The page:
Foam rollers are an effective method of reducing tension and increasing muscle length for either a pre-workout warm-up or post-exercise active recovery. Technically known as self-myofascial release (SMR), the use of foam rollers for the purpose of reducing muscle tension has become a widely accepted fitness practice.
There are two prevailing theories regarding why foam rolling works:
While your clients may be less interested in how it works, they definitely want to know why they should be foam rolling on a regular basis. Here are six specific benefits of using foam rollers that you can share with your clients or group fitness participants. The more helpful information you can provide, the more others will look to you as a credible and reliable source of fitness information, which only helps to further your success as a health and fitness professional.
In general, foam rollers provide the greatest response when placing a body-part directly on top of the roller and moving rhythmically to apply pressure to the underlying tissues. For suggested foam roller exercises that can be used as a warm-up or cool-down, follow this link.
As with any mode of exercise it’s important to understand both the advantages and disadvantages and identify the best practices for how it can be used with training clients or class participants. It is up to you to identify the best time to apply foam rolling for a client’s specific needs; for a more detailed explanation of how foam rollers create myofascial release, check out this article published in CERTIFIED.
|Types of Foam Rollers and their Benefits
As foam rolling has grown in popularity, a greater variety of rollers have been created, each promoting specific types of benefits.
|Soft-core foam roller||A soft foam roller that is easier to compress and places less force directly on the muscle.||The pliable surface allows a greater contact with muscle tissue.
May be more comfortable when first introducing clients to foam rolling.
|Over time, repeated use can cause foam to change shape and become compressed, which reduces its effectiveness.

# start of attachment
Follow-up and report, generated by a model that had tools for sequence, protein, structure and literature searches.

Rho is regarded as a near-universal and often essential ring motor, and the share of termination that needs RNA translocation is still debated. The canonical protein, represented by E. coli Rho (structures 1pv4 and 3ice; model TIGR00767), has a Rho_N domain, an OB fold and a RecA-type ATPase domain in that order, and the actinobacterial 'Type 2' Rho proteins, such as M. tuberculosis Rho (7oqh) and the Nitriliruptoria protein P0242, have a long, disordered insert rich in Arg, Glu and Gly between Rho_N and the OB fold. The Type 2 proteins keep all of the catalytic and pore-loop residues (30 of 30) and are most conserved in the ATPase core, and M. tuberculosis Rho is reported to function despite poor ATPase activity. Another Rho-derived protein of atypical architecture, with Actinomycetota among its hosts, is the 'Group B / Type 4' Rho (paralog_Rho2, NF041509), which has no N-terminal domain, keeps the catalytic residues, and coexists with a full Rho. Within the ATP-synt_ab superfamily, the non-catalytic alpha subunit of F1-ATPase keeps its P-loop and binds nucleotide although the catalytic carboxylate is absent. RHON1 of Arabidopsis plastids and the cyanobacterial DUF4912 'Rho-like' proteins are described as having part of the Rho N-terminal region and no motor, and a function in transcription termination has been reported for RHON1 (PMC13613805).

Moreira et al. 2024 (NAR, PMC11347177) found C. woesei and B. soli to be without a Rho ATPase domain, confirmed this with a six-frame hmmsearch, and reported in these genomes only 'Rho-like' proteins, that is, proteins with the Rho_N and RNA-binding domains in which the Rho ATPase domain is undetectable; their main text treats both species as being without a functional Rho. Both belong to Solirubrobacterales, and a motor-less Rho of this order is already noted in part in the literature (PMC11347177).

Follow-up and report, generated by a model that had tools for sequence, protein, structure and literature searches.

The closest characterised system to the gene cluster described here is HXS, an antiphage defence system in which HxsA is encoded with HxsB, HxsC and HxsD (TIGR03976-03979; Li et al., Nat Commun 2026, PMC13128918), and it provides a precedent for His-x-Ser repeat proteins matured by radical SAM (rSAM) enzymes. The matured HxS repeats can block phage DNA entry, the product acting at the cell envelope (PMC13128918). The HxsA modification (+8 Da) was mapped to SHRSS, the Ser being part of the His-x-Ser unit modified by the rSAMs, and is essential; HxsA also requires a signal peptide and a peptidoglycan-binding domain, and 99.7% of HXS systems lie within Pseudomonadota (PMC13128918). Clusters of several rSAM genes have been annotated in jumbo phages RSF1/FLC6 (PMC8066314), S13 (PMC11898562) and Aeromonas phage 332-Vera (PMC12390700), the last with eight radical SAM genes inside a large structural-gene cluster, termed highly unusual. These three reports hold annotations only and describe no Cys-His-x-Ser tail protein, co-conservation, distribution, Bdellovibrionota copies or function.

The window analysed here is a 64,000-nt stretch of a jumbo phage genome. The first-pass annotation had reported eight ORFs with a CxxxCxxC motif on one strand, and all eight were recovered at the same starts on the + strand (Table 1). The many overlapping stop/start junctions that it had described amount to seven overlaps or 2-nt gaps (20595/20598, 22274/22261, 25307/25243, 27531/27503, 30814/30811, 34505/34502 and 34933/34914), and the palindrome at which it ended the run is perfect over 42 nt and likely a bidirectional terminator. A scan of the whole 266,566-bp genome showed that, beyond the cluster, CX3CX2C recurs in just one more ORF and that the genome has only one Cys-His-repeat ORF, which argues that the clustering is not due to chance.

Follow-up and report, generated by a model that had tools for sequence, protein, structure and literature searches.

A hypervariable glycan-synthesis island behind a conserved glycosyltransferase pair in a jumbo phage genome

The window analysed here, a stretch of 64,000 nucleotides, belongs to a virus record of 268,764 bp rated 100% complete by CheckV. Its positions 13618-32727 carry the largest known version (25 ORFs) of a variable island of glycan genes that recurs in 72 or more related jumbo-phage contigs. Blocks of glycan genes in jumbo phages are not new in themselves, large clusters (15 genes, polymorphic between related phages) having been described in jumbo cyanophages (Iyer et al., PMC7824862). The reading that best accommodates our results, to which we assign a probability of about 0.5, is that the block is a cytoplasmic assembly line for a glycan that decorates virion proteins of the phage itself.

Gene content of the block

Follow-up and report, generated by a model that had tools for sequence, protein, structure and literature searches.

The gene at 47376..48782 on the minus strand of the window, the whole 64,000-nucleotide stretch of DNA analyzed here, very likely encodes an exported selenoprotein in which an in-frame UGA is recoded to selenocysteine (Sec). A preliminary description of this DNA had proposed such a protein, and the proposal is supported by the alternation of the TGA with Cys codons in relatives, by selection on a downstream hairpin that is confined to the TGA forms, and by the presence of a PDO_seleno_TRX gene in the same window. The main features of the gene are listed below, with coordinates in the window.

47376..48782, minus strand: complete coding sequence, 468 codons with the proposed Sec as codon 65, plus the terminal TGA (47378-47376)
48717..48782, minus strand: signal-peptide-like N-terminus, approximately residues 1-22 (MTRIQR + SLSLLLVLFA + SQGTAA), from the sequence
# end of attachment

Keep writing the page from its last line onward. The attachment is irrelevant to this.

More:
May not apply enough force for extremely active and fit individuals.
|Hard-core foam roller||A foam roller with an outer surface of foam and an inner core made from hard plastic.||Will maintain shape over repeated uses.
Can apply a significant amount of pressure to the contact area of the muscle.
|May apply too much pressure and be uncomfortable for certain individuals.|
|High-density foam roller||These rollers are made from specific types of dense foam that is more resistant to compression.||The density of the foam roller allows greater pressure to be placed on areas of adhesion and tightness.
The thicker foam allows the roller to maintain its shape for a longer period of time.
A good option for individuals who may not experience benefits from a soft roller, but are not yet ready for a roller with a hard inner surface.
|May be too dense and cause discomfort for certain individuals.|
|Textured foam rollers
(surface has patterns or grooves)
|The external surface of the foam roller has a specific pattern or grooves that places pressure on different parts of the tissue.||The theory is that the patterns or texture in the surface of the roller place different amounts of pressure on the muscle, thus promoting circulation.||Depending on the type of roller, the patterning could cause increased pressure in certain areas, leading to localized feelings of discomfort or an excessive amount of pressure in specific areas.|
|Balls||The circular shape of a ball allows pressure to be focused on specific areas. Like foam rollers, balls come in a variety of sizes and densities. Many companies make specific SMR balls, but almost any type of ball (e.g., golf, tennis, lacrosse or inflatable) can be used.||The density and size of the ball allows pressure to be placed directly on specific areas of the muscle.||The surface of the ball may be difficult to adjust to a targeted area of adhesion.
Certain balls may be too dense and cause discomfort or pain.
|Rolling sticks||These are hand-held tools that can be used to apply pressure and create friction directly on specific adhesions or areas of tightness.||Allows force to be applied directly to an adhesion or area of discomfort.||It can be hard to use on certain parts of the body, such as the lumbar or thoracic spine.|
|Vibrating foam roller||This roller features an internal motor that vibrates at a specific frequency of oscillation||Along with the pressure from the roller, vibrations can create a reflexive action in the muscle spindles that causes them to lengthen to reduce tension in the tissue.||The vibrations may be uncomfortable or cause an unintended response such as a headache.|
For more information, please click here: https://www.acefitness.org/education-and-resources/professional/expert-articles/6575/6-benefits-of-using-foam-rollers